The other two essays in this cluster are slighter, though each has its rewards. William Blissett, “‘Who Knows Not Colin Clout?’: Spenser and the Poets of the Mid-Twentieth Century,” reports some of the results of a survey that the author, a distinguished Spenserian, circulated in 1954 to a hundred living poets, asking “if they still read and admire Spenser and if they regard the Spenserian tradition as a living one” (58). In this essay, reprinted from a 2008 volume of conference proceedings, Blissett offers some general observations about the survey’s results—Spenser loomed rather higher on the horizon for mid-twentieth century poets than might have been expected, given the state of his reputation then, and he mattered most, again surprisingly, to non-academic poets—as well as a few telling examples. The ten-page essay is worth consulting for its amusing account of Robert Penn Warren’s rather Bloomian (Harold rather than Leopold or Allan) response to Spenser, as well as for the evocative comment about Spenser that Blissett’s survey elicited from Walter de la Mare: “And what a strangely solid creature there is on the other side of his incessant honeyed verse” (60). In his essay, Blissett offers a lovely sentence of his own teasing out the implications of this one, and I encourage you to seek it out.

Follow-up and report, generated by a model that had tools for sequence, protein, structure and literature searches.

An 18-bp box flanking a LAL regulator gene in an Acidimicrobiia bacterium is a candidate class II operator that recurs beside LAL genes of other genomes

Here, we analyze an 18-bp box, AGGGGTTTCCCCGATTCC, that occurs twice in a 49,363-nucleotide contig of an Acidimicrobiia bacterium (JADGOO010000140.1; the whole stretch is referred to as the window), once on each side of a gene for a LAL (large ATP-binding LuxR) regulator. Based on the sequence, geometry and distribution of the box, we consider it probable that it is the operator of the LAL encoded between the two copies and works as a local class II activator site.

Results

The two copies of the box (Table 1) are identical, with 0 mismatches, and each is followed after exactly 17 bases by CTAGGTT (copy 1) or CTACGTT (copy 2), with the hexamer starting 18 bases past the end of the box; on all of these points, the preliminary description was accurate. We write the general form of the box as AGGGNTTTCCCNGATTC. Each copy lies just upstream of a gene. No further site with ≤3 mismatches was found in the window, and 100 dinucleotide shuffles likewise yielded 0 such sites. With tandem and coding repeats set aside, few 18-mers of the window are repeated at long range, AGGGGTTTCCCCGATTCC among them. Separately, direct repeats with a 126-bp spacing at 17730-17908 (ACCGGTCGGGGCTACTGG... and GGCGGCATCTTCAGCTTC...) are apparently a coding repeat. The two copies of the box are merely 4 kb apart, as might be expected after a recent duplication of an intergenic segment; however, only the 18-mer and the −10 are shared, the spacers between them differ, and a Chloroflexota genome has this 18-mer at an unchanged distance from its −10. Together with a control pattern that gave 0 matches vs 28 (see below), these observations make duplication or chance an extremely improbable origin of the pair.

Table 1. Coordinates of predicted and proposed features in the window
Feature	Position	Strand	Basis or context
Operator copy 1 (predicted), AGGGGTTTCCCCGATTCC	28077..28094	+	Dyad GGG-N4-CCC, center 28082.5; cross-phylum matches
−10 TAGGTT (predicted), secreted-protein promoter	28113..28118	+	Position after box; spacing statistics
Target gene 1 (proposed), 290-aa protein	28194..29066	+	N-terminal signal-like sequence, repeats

Like Blissett, Joseph F. Loewenstein is an important presence within Spenser studies, though of a more recent generation; to mention just one example, Loewenstein’s 1986 essay in English Literary Renaissance, “Echo’s Ring: Orpheus and Spenser’s Career,” has long been for many of us an indispensable point of entry into Spenser’s verse, early and late. Loewenstein has published several other landmark essays on Spenser, and of course the field is in his debt for his ongoing labors on the Oxford edition. All that said, I must confess that his contribution to this volume, “The Poets’ Poet’s Poet: James Merrill’s Spenser Lecture,” left me as much bemused as edified; perhaps it will speak more helpfully to others. The essay takes the form of an extended meditation on likenesses between Spenser’s poetry and that of Merrill, but what is at issue here is not so much source study as a free-ranging comparison between habits of mind. Loewenstein organizes his reflections by means of a witty revision of the section-headings of Wallace Stevens’s “Notes Toward a Supreme Fiction,” where Stevens’s “It Must Be Abstract” becomes for Spenser and Merrill “It Must Be Total,” followed by sections titled “You Must Count,” “Mind Your Spelling,” “You Must Be Friendly,” “You Must Be Cosmographical,” and “You Must Face Terror.” Merrill is “The Poets’ Poet” because of all the poetic shades who flicker within The Changing Light at Sandover, the work that preoccupies Loewenstein here, and perhaps the most stimulating section of this essay is “You Must Be Friendly,” where Loewenstein muses brilliantly on the importance of friendship to these two coterie poets, as well as on the elegiac poetics of lost friendship and of “protracted winding-down” (77). It just may be that Merrill’s epic is a poem that has not yet come to matter for me as it should, but as I read through Loewenstein’s essay I found myself alternately intrigued and frustrated by the puckishly aphoristic quality of Loewenstein’s style, where points are raised but developing them is up to you. (The essay’s origin in an MLA Roundtable may be partly responsible for this.) Again, though, if I were more versed in Merrill’s epic, I might have been better equipped to connect the dots.